How to do things with words? This issue is the core of the artistic exploration of Lala Raščić, whose analyses evolve through the engaging tension between the fields of textuality and narration. Her works, which usually take the form of a narrative performance, never resolve this tension. Quite the contrary, the work of Lala Raščić aptly balances on a tight rope between language and performance, without ever taking a final stand on the thin line between the two fields.
The most frequent starting point of Raščić’s artistic examination is text – a fragment found by chance or an almost forgotten book – which triggers a chain reaction of disentangling its different layers. The initial gesture of Lala Raščić is very close to what Derrida calls iterability, the repeatability of (linguistic) signs. A sign is not depleted at the moment it is recorded; meaning can elude the author’s intention and live independently of individual production or reception, which means that in Raščić’s gesture, text is endowed with autonomy, carefully neutralising obsolete concepts of authenticity. No Country Other than Liberty, which follows the travel log of the French anarchist geographer Élisée Reclus, takes us along the Mississippi River and presents the industrial landscape of the Louisiana Delta, which has been imprinted with the interests of latter-day capitalism. The text reference from the 1850s is eerily consistent with the scenes of the southern landscape which the artist captured in 2013, along with all its political and economic preoccupations. A similar deconstruction is at play in the work …brighter than a thousand suns…; it also builds on a specific historical experience, which soon proves to be quite contemporary. Raščić examines the issue of the use and abuse of nuclear energy by unfolding three fragments of text, two books and one oral testament. The deconstruction is obvious not only in the video, but is radicalised by the entire installation, in which graphic elements from one of the textual references assume independent existence as wall paintings. The installation also includes an Event which acts like an incursion of the real into the symbolic sphere. For a moment, an explosion of light deletes the work from the viewer’s experience, affirming that the experience of catastrophe cannot be symbolised in language or image. Intelligent manoeuvring with different contexts and registers is also a feature of The Damned Dam project, an epic work influenced by motifs from the Bosnian oral story-telling tradition, and of epic proportions, including diverse elements as research, blog, performance and illustration. From a Wellesian event, the broadcasting of radio play Catastrophe about the breaking of the local dam and the ensuing panic in the Bosnian town of Lukavac, Lala Raščić builds a very complex project. She narrates a futurist love story about a young couple who embarks on a nomadic expedition through the post-apocalyptic Balkans struck by natural disasters. To this end, she revives the traditional form of epic folk ballad and tackles the air of insecurity and disenfranchisement of post-industrial Bosnian society through its hybridisation and social and gender updating. Lala’s strategy is a strategy of double writing. It seems that by confronting dychotomic elements of fiction and factuality, fairy tale and documentary, as well as by combining the roles of the author, interpreter and actor, the work of Lala Raščić moves toward deconstruction, overturning the traditional oppositions and destabilising the value systems in a double gesture, as, according to Derrida, “deconstruction does not consist in passing from one concept to another, but in overturning and displacing a conceptual order, as well as the non-conceptual order with which the conceptual order is articulated”.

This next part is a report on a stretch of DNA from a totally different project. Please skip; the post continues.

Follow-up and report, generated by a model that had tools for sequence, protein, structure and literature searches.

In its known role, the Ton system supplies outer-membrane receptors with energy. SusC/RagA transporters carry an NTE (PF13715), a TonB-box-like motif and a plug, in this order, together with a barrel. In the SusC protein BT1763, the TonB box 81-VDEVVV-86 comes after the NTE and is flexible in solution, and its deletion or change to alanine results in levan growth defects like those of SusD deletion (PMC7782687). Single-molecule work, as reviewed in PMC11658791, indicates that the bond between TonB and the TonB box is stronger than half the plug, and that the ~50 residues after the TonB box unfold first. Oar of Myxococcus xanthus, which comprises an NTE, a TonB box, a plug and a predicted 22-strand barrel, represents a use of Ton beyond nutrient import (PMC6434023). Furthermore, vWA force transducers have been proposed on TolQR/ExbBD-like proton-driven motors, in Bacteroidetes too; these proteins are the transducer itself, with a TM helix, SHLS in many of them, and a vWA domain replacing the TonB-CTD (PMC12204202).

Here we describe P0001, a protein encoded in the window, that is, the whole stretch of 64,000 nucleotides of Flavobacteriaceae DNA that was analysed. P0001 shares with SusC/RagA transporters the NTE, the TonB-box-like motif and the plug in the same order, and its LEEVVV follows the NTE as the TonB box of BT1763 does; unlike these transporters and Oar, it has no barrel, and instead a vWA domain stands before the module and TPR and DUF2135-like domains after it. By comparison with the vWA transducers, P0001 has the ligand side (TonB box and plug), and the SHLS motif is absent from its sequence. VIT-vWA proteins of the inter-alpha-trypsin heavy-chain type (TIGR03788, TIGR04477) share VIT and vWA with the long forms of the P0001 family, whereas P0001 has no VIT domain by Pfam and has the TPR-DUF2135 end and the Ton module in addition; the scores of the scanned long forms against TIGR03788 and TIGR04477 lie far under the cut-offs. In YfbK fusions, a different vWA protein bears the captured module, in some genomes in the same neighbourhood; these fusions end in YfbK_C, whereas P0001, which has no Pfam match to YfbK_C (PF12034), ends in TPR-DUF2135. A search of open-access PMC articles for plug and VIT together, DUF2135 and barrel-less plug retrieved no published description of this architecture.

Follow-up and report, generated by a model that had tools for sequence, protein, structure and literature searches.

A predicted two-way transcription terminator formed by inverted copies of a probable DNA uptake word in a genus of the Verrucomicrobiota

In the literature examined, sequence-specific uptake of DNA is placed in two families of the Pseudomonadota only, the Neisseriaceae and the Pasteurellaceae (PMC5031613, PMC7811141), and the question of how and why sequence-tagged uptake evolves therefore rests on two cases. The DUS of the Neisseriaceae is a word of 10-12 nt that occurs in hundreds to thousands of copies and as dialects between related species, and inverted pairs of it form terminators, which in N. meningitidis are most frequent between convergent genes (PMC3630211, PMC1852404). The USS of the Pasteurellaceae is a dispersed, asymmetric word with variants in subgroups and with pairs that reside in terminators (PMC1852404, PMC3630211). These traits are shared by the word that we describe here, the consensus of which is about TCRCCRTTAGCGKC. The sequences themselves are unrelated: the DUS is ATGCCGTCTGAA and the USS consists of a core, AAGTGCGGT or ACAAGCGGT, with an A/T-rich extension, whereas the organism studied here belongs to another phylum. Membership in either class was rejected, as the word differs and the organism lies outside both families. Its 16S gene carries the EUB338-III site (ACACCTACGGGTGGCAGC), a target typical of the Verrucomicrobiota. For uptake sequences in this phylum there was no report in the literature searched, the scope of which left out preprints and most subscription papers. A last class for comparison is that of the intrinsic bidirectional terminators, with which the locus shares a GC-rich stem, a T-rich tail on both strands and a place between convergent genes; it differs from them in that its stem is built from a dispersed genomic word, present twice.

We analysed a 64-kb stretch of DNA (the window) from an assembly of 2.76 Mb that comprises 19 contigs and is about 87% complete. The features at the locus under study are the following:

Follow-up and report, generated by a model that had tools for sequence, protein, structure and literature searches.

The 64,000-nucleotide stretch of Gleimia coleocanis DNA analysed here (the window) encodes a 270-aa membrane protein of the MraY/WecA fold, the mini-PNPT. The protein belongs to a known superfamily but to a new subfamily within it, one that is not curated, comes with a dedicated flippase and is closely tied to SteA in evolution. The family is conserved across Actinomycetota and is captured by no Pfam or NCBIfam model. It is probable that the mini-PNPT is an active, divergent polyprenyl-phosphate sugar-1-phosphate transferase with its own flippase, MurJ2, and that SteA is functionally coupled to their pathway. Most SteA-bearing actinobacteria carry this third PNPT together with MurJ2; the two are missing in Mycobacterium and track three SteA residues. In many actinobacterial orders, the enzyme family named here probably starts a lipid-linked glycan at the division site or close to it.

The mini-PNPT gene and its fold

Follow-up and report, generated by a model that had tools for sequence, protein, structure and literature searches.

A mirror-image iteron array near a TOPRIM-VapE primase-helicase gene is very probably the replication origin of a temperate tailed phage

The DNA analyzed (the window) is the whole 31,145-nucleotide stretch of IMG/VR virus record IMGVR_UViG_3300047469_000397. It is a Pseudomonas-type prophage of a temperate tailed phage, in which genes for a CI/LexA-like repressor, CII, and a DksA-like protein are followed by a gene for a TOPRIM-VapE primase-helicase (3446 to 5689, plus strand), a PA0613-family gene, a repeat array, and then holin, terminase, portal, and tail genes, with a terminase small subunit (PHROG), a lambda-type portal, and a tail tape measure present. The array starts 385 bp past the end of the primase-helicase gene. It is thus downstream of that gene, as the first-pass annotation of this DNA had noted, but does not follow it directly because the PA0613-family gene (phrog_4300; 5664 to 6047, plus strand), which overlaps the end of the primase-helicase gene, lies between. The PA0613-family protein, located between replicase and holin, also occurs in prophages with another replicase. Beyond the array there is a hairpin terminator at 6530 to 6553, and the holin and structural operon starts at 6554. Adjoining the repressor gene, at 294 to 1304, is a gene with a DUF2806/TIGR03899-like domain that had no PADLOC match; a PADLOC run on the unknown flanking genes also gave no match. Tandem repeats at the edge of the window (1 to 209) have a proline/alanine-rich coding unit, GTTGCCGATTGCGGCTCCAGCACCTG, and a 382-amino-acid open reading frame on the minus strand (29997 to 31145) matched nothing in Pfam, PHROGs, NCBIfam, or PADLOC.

A sign is defined by what is absent – it is defined by other signs. Therefore, there is no first, original version of texts used by Lala Raščić, there is only constant deferral of meaning, which is triggered by a linguistic event. This process is unveiled in the work Whatever the Object, where an accidentally found fragment of text triggers extensive forensic reconstruction, whose final form is again textual. The works Sorry, Wrong Number and Load From the Inside follow a similar logic of deconstructing symbolic structure: in the case of the former on the basis of a radio play, where non-synchronised sound and image highlight the rifts in the presence/authenticity of message, which is to be conveyed by the human voice, while in the latter through the farcical non-simultaneous events in the photographs of Freud’s flat from 1937 and the comic presence of the artist, who repeatedly slips (in a Freudian manner?) while trying to position herself in the scene. Thus, performances by Lala Raščić literally refer to their linguistic counterparts – like performatives, they create reality from themselves, but with clear Derridean emphasis that a successful performative is always an impure performative, which owes its success to the fact that it always repeats something.
Curated by: Vladimir Vidmar
The Damned Dam, performed by Lala Raščić and Jusuf Brkić: Thursday, 6th March, at 9 pm.
Guided tours of the show: Wednesday, 19th March, and Thursday, 27th March, at 6 pm.
The programme of Škuc Gallery is supported by Ministry of Culture of the Republic of Slovenia and Cultural Department of the City of Ljubljana.